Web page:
Aston Martin Vanquish

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Feels special, looks more like a One-77 than a Vantage - but has Aston gone far enough?

Additional Info

  • Beautiful styling, carefully thought through engineering enhancements
  • Top Gear wildcard

    You’ll be less involved in a Bentley Conti GT Speed, but you’ll go faster, pack more stuff inside and pay less

  • Our choice

    Vanquish 6.0 V12 Standard 2d

    Price £189,995

    BHP 573

    LB FT 457

    MPG 19

    CO2 335

    0-62 MPH 4.10

    Top Speed 183

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What is it?

Until recently, Aston Martin sold three cars that were basically the same: DB9, Virage, DBS. The differences were minimal and they were hard to differentiate on the road to the untrained eye. Not ideal when your design philosophy also means the rest of your cars share a family look too. So, it’s had a rethink. Gone is the Virage (after just a couple of years on sale) and its front end has been blended onto the DB9, which itself is revised for 2013. This has cleared space at the top of its range for this – the carbon fibre-bodied Vanquish, which revives Aston’s brand-defining 2001 supercar name and aims to give the Ferrari F12 what for.

It’s not an all-new car. That’s not how Aston Martin’s ‘VH’ chassis philosophy works. This is all about progressive evolution, with new technology rolled out in stages. This time, it’s the carbon fibre body, which lets Aston do new things with shapes and sculpture, meaning this looks more modern, alluring and ‘new’ in the, er, composite than it does in the images. A pretty car, but a visually more modern one too.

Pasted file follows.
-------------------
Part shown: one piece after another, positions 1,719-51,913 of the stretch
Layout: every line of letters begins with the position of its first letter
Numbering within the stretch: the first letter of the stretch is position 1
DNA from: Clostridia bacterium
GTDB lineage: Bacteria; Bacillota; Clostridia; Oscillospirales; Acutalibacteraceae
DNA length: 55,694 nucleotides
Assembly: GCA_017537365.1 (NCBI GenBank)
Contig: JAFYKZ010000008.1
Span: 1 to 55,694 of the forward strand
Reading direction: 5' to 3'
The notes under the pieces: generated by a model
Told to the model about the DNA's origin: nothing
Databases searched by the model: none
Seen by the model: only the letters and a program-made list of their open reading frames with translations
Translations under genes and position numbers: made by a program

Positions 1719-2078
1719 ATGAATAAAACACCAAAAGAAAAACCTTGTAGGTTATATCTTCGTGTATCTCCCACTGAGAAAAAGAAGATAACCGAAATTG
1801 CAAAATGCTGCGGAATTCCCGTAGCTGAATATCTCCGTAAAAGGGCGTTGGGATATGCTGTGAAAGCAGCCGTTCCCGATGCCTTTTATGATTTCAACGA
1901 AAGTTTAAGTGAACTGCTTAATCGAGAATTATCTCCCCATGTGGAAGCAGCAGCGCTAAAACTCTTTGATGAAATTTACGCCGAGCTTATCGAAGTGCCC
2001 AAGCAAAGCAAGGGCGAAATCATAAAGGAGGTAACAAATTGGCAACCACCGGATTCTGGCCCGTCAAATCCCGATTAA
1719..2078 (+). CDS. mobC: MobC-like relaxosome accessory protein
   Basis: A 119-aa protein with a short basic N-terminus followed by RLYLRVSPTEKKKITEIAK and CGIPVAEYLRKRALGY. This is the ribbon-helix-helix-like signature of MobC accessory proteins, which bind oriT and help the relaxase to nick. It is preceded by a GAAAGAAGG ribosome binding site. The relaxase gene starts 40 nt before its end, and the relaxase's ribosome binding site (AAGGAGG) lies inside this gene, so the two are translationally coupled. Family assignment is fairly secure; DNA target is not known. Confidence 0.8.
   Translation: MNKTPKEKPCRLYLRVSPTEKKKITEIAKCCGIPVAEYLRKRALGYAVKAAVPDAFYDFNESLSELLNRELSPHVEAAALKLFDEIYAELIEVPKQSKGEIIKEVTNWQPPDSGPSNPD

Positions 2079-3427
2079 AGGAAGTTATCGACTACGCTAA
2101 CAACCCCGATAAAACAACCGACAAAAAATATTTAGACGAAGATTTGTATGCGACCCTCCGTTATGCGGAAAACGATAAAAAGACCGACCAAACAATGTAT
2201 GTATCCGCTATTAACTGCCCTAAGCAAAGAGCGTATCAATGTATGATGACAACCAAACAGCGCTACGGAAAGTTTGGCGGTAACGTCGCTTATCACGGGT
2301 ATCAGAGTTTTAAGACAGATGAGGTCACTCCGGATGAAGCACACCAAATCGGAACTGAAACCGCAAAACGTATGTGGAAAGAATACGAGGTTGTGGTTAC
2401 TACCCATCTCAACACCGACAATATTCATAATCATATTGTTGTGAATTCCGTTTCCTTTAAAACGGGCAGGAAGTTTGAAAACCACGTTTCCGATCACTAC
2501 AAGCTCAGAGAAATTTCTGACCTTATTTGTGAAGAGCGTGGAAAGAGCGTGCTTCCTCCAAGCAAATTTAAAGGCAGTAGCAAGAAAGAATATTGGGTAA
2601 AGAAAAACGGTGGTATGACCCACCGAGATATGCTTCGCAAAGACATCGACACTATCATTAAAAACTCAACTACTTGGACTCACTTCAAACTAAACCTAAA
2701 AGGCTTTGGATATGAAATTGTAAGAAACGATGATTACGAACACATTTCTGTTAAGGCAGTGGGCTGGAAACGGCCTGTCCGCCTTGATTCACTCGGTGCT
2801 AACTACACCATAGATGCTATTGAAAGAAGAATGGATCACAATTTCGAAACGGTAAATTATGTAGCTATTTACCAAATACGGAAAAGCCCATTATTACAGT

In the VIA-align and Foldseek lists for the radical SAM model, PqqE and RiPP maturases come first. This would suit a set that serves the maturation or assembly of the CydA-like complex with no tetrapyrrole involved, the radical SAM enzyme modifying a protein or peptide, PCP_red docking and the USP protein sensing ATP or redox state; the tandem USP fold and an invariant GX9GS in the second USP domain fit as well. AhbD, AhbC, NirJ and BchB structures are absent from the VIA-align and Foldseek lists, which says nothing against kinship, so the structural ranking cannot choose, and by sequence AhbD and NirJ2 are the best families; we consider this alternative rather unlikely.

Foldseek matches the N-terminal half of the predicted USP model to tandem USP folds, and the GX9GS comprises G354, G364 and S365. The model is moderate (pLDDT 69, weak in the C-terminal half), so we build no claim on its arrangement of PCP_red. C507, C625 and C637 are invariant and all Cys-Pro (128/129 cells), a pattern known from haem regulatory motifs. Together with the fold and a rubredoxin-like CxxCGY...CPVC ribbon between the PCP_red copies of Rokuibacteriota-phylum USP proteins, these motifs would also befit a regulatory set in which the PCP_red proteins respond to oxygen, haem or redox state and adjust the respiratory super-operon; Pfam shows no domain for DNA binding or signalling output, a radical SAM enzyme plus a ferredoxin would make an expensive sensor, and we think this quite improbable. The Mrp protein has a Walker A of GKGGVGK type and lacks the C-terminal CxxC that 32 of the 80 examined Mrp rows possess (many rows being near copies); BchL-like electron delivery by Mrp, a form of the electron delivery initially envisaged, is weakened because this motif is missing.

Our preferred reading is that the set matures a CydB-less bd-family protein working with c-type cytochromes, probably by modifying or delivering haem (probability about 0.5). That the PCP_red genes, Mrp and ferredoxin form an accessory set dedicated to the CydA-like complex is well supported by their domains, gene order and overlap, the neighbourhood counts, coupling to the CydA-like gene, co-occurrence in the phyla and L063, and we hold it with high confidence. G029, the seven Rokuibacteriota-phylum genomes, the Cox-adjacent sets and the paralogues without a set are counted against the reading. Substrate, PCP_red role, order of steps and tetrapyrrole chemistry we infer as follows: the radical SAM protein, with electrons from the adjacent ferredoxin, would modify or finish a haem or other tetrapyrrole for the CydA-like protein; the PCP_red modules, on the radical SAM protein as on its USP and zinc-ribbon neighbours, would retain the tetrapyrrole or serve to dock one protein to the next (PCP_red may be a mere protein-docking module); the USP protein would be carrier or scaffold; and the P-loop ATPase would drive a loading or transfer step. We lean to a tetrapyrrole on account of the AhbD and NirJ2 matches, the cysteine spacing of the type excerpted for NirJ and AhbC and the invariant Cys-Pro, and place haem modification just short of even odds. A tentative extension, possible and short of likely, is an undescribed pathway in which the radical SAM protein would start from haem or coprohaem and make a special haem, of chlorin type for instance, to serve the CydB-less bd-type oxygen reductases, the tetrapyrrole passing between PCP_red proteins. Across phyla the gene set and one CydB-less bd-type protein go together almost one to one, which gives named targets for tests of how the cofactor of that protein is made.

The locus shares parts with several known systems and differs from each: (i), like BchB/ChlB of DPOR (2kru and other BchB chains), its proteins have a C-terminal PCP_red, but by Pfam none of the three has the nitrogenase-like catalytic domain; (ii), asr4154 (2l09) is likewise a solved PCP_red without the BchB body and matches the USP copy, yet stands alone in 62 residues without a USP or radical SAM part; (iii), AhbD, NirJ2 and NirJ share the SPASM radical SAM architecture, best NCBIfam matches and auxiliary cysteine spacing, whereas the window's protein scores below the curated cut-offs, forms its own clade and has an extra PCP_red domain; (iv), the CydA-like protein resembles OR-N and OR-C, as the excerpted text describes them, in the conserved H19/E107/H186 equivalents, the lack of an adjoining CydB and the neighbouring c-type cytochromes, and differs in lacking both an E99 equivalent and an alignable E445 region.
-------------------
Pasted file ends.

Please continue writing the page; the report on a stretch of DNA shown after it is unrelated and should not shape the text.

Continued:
Perhaps unsurprisingly, it feels like a DBS that’s been made better, rather than an all new car, out on the road. Ride quality is the most obvious improvement, with new adaptive dampers having an extra level of adjustability to make it more pliant in town, yet sharper when out of it (perhaps now too sharp for scarred UK roads). The steering is crisper, if less chatty, and its ability to shrink and act like a junior GT on switchback roads is enhanced.

The 565bhp V12 now has more torque, thanks to new variable valve timing which enhances its flexibility, but this remains an engine you must rev to release its best. Who cares, when it sounds this good: the noise is incredible. Pity the six-speed auto isn’t as alluring. Two ratios down on newer units, it really dates the car.

On the inside

The interior is a triumph. The new centre console flows in one piece, instead of the bitty multi-part system of old, and its smart-phone-style touch-sensitive controls are brilliant. There’s more space, more stowage slots, more richness thanks to some decadent new trims and materials. It’s enough to help you overlook some of the relics of old, like the fly-off handbrake mounted on the floor and the spidery dials that remain hard to read.


At £191,140, the Vanquish is a very expensive car to buy. Aston argues that’s because it’s fitted everything as standard, leaving the buyer simply to choose what trims and materials they want. For which, yes, Aston will charge more. If you love Astons, you’ll find this is special enough to justify it. We can’t help but fear others will go for rival machines, though…

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